If we look it in one way, then the answer to Mir's second line is in this quotation. It's surprising that the English government placed no restriction on this part of the dastan. In any case, in the light of this quotation one more meaning of shahr-e naa-pursaa;N can be understood: a city in which no one is informed/vigilant, anybody goes around doing whatever he might want. In the light of this meaning, Mir's verse comes to bear a very different kind of sarcasm-- at a city in which there would be no supervision, where the moon-faced ones would do whatever they might wish, and our speaker/lover would do whatever he might wish-- he might die or be disgraced, no one would ask/care.

FWP:

SETS
MOTIFS
NAMES
TERMS == DASTAN

The speaker finds himself in a city where people do not 'inquire'. In its usual social sense, this means that no one checks on anyone or shows any sign of concern about anyone; see the definition of pursish above. It's not clear what the relationship is between the 'moon-faced ones' and this 'city of non-inquirers'. There seem to be two possibilities: (1) The moon-faced ones behave as they do because everyone in their whole city behaves that way. (2) The group of moon-faced ones themselves collectively constitute a kind of 'city'.

In the first case, the verse is about a city. SRF shows in his fascinating dastan example that Jah clearly envisioned the range of 'non-inquiry' to include a lack of supervision or policing, and a general moral indifference: nobody monitors people's behavior. Now let's push the same idea of 'non-inquiry' in a more practical direction. If you're in a city and want leave it, of course (since in the ghazal world you have no maps), you ask the locals in which direction ( kidhar ) you should go to reach the main city gate and get out, and then what neighboring cities you could reach. But if it's a city of 'non-inquirers', in which no questions are asked, will anybody be willing, or even able, to tell you? Might not such a city have in place a 'don't ask, don't tell' code of some mysterious kind?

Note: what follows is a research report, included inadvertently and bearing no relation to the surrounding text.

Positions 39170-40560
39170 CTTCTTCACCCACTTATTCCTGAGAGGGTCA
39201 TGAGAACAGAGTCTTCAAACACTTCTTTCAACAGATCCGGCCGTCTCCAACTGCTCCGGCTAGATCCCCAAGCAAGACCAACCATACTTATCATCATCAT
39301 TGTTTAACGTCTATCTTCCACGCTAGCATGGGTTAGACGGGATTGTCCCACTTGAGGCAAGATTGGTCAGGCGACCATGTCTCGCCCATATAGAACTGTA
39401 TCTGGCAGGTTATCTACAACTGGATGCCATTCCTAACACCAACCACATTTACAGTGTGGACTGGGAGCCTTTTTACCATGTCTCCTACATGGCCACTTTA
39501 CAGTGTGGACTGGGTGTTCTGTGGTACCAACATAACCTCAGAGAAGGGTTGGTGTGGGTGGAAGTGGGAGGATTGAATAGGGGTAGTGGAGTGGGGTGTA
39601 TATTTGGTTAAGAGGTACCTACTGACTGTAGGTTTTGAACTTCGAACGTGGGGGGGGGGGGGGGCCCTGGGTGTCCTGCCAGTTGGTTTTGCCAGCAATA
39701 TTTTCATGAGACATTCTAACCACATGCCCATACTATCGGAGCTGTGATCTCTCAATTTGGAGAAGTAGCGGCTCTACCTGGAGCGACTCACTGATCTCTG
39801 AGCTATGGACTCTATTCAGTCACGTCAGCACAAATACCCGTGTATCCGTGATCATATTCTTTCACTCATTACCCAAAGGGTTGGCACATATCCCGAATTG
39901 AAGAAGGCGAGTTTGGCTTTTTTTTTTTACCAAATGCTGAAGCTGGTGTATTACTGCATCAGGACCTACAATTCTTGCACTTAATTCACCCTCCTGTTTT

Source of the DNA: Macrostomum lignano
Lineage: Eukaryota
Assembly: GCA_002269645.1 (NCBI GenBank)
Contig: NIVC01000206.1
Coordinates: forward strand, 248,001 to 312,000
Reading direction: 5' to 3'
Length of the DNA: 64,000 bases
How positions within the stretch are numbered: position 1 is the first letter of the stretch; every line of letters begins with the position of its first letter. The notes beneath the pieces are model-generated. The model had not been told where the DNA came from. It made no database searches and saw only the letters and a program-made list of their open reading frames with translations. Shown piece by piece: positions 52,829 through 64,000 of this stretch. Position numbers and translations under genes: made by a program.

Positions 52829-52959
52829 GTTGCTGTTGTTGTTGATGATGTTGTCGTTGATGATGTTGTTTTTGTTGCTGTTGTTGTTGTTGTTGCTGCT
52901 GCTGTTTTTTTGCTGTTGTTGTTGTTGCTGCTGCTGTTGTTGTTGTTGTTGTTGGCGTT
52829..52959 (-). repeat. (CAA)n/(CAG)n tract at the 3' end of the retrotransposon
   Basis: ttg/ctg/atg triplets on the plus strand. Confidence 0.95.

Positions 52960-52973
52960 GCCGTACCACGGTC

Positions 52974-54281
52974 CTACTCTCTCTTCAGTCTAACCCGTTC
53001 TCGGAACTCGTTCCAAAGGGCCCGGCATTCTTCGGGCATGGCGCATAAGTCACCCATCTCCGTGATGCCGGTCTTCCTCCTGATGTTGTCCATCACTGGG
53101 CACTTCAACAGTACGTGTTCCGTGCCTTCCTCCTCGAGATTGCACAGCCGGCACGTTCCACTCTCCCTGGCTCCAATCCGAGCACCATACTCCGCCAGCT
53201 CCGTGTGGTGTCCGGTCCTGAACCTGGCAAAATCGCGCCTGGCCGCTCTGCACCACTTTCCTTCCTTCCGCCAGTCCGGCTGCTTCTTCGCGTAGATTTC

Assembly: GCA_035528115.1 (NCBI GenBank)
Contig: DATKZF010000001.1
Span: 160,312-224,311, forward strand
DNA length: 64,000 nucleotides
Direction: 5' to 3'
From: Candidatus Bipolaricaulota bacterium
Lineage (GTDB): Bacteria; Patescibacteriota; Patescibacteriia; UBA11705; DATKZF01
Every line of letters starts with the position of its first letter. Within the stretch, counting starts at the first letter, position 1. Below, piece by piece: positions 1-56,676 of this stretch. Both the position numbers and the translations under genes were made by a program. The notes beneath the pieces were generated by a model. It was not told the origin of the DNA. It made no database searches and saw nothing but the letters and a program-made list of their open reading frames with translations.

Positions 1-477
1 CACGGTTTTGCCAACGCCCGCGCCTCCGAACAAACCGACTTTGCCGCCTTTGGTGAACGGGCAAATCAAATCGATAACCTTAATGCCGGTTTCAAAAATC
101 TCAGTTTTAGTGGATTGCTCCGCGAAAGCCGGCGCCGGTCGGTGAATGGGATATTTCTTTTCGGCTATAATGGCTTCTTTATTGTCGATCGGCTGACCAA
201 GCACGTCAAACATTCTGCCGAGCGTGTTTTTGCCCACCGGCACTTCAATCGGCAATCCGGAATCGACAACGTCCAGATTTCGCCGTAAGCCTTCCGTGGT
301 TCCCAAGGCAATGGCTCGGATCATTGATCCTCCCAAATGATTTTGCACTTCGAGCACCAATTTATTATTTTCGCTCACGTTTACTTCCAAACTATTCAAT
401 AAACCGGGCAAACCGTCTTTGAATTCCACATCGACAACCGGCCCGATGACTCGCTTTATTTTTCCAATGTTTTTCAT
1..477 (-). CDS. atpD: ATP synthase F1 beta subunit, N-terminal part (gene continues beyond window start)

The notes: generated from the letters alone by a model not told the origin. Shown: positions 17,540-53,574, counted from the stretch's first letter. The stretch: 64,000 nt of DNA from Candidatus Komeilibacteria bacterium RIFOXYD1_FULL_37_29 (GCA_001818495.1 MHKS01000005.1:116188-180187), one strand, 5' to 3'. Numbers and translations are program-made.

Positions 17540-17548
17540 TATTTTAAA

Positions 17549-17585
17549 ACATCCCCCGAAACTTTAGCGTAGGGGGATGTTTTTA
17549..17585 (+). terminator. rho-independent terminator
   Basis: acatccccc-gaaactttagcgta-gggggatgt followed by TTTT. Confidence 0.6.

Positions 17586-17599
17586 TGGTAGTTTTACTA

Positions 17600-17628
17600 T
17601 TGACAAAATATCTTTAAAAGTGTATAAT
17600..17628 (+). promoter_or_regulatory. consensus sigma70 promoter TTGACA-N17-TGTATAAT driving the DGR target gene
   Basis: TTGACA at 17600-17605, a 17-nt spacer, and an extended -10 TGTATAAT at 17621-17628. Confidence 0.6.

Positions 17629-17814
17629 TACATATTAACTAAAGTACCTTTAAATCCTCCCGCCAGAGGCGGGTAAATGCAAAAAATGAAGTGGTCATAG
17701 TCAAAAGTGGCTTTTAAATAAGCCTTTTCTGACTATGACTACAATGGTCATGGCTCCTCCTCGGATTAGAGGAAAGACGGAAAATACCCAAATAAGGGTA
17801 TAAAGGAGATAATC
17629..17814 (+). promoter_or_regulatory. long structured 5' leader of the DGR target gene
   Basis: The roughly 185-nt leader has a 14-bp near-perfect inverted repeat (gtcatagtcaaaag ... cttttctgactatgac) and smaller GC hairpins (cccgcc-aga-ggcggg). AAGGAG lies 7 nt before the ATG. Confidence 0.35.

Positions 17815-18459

Along these lines the ab kaho becomes especially meaningful and enjoyable. For the speaker is asking someone to give him the necessary information about how to move out and onward-- and that someone is surely a friend or companion, rather than one of the indifferent 'moon-faced ones' of the city. The ab gives it a certain urgency ('I'm in a fix-- now what do I do?'). And the kaho begs for an answer-- 'tell me, speak to me!'-- in a way that emphasizes the silence and opacity of the city, and the speaker's desperate need for words, for sympathy, for human responsiveness.

In the second case, if we push the abstraction level a bit higher, then the question in the second line can also be rhetorical. If we consider all the beautiful beloveds in the world to form a kind of 'city', then it's a devastating city in which the poor lover can hardly survive, much less thrive. But where would, should, can he go from this city? Nowhere, of course. Having had the mad romantic and mystical experience of 'self-lessness', can the lover even imagine seeking anything else, or consenting to live at a lower level of passion? In his heart he knows that the only way out of the city of passion passes through the strait of death.

Note for grammar fans: The jaa))iye is of course not really acting as a polite imperative; rather, it's a kind of polite future subjunctive referring to a possible future action by some (generalized) person(s).